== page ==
By: Joanna Diakos and Marissa Leon
In Bay Capital Finance, L.L.C. v. Barnes and Noble Education, Inc. (C.A. No. 2019-0539-KSJM), the Delaware Court of Chancery (the “Court”) enforced a company’s advance notice provision in its bylaws, dismissed a stockholder’s breach of fiduciary claim against a company’s chairman and ordered the stockholder to pay the defendants’ attorneys’ fees as a result of its bad faith litigation conduct.
Bay Capital Finance, L.L.C., a private investment fund (“Plaintiff”) sought to conduct a proxy contest for board representation at Barnes & Noble Education, Inc.’s (the “Company”) annual meeting. The Company’s bylaws contained an advance notice provision requiring that a stockholder seeking to nominate director candidates deliver director nominations not less than 90 days and no more than 120 days prior to the anniversary date of the prior year’s annual meeting of stockholders and that a stockholder must be a record holder as of the notice deadline in order to nominate directors. The Plaintiff submitted a timely notice on the last day to submit director nominations for the Company’s 2019 annual meeting, however the Plaintiff missed the deadline to become a holder of record despite repeated reminders. Following the advance notice deadline, the Board of Directors of the Company (the “Board”) held a special meeting and unanimously decided that the Plaintiff’s nomination was invalid under the Company’s bylaw record-holder requirement. Plaintiff searched for a way around his own negligence for having failed to abide by the bylaw record-holder requirement, and found an excuse in a 2018 proxy statement, which appeared to conflict with the bylaws. In particular, the 2018 proxy incorrectly pegged the deadline to the next annual meeting versus the previous one. Plaintiff used this conflicting language to resubmit its notice and to falsely state that it relied on the proxy language. The Company denied the demand.
Thereafter, the Plaintiff commenced litigation seeking a preliminary injunction to require the Company to accept Plaintiff’s nomination of directors and delay the upcoming annual meeting. Plaintiff claimed in its Verified Complaint that it relied on the inaccurate Company disclosure in the 2018 proxy to determine the deadline by which director nominations were due and believed it had no imminent deadline by which to become a record stockholder. The Court granted Plaintiff’s request for expedited discovery, but ultimately denied the request for a preliminary injunction because discovery revealed that Plaintiff had not in fact relied on the proxy language and that its non-compliance with the Company’s bylaws was nobody’s fault but its own. The Court expressed concerns regarding Plaintiff’s litigation conduct and added that whether fee-shifting was warranted would be addressed at a later date.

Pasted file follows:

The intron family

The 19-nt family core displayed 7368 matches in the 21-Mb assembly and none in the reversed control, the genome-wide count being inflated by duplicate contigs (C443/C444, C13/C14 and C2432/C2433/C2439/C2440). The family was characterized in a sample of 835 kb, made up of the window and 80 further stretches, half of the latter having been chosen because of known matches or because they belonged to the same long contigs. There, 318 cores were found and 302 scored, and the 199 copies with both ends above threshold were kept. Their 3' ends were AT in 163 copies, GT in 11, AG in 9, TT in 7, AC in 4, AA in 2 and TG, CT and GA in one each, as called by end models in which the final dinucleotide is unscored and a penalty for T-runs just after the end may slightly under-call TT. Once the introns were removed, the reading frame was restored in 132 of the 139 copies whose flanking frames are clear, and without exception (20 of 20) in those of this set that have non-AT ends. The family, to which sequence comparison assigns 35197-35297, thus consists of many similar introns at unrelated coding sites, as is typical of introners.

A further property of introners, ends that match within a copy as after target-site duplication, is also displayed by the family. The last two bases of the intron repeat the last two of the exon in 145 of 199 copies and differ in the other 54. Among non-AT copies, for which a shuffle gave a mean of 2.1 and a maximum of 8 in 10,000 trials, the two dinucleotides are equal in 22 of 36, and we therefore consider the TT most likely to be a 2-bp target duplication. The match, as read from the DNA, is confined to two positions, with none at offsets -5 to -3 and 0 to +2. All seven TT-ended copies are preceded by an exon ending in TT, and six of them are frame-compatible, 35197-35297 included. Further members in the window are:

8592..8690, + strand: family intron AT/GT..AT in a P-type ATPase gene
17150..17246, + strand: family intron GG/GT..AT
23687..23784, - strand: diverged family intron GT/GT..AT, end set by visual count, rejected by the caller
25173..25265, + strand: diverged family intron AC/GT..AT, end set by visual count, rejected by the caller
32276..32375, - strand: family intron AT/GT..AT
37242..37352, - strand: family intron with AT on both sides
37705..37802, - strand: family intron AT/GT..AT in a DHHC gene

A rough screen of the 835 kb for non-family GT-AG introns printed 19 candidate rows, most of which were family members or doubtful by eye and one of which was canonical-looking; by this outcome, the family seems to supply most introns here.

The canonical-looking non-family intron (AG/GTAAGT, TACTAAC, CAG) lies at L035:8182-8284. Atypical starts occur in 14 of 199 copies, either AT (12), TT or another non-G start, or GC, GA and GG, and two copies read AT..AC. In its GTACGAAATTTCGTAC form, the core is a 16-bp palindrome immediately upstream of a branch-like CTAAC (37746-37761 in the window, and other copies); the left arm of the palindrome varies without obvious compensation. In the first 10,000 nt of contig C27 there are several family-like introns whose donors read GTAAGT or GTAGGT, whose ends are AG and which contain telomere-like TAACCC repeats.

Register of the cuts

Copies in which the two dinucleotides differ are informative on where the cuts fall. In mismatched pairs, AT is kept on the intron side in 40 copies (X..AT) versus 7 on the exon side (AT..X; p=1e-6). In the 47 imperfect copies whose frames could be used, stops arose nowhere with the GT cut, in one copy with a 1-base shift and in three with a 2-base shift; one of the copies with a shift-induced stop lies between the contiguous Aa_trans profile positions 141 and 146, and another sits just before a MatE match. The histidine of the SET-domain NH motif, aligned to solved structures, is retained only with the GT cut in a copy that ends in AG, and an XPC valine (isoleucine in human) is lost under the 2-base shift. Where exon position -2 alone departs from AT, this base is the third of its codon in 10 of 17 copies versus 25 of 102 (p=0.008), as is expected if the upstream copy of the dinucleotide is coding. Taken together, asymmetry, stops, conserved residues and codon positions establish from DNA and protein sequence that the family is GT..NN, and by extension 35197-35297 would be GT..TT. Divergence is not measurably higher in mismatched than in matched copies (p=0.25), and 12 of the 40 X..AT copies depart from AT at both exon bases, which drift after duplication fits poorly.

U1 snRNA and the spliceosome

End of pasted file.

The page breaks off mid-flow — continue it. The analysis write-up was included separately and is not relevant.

After losing its preliminary injunction, the Plaintiff pursued a claim against the Company, the members of the Board and the chairman of the Board (the “Defendants”) alleging that the chairman of the Board breached his fiduciary duties by rejecting Plaintiff’s nominations and not exercising his good faith to accept the Plaintiff’s nominations. In reaching its decision, the Court found that the Plaintiff was advised and aware of the requirements in the bylaws and through no fault of the Company the Plaintiff’s notice was untimely. The Court granted summary judgment for the Defendants on the basis that the Plaintiff was not a record holder on the deadline for submitting director nominations as required by the bylaws and the Company could therefore disregard the Plaintiff’s nominations.
The Court also concluded that the Defendants were entitled to reimbursement of a portion of their attorneys’ fees and costs. The Court found that the Plaintiff’s misleading statements in the complaint and throughout the discovery process amounted to bad faith conduct and abusive litigation tactics. The Court ordered Plaintiff to pay two-thirds of Defendants’ legal fees, excluding time spent on the summary judgment briefing, under the bad faith exception to the American Rule that each party bears its own litigation expenses.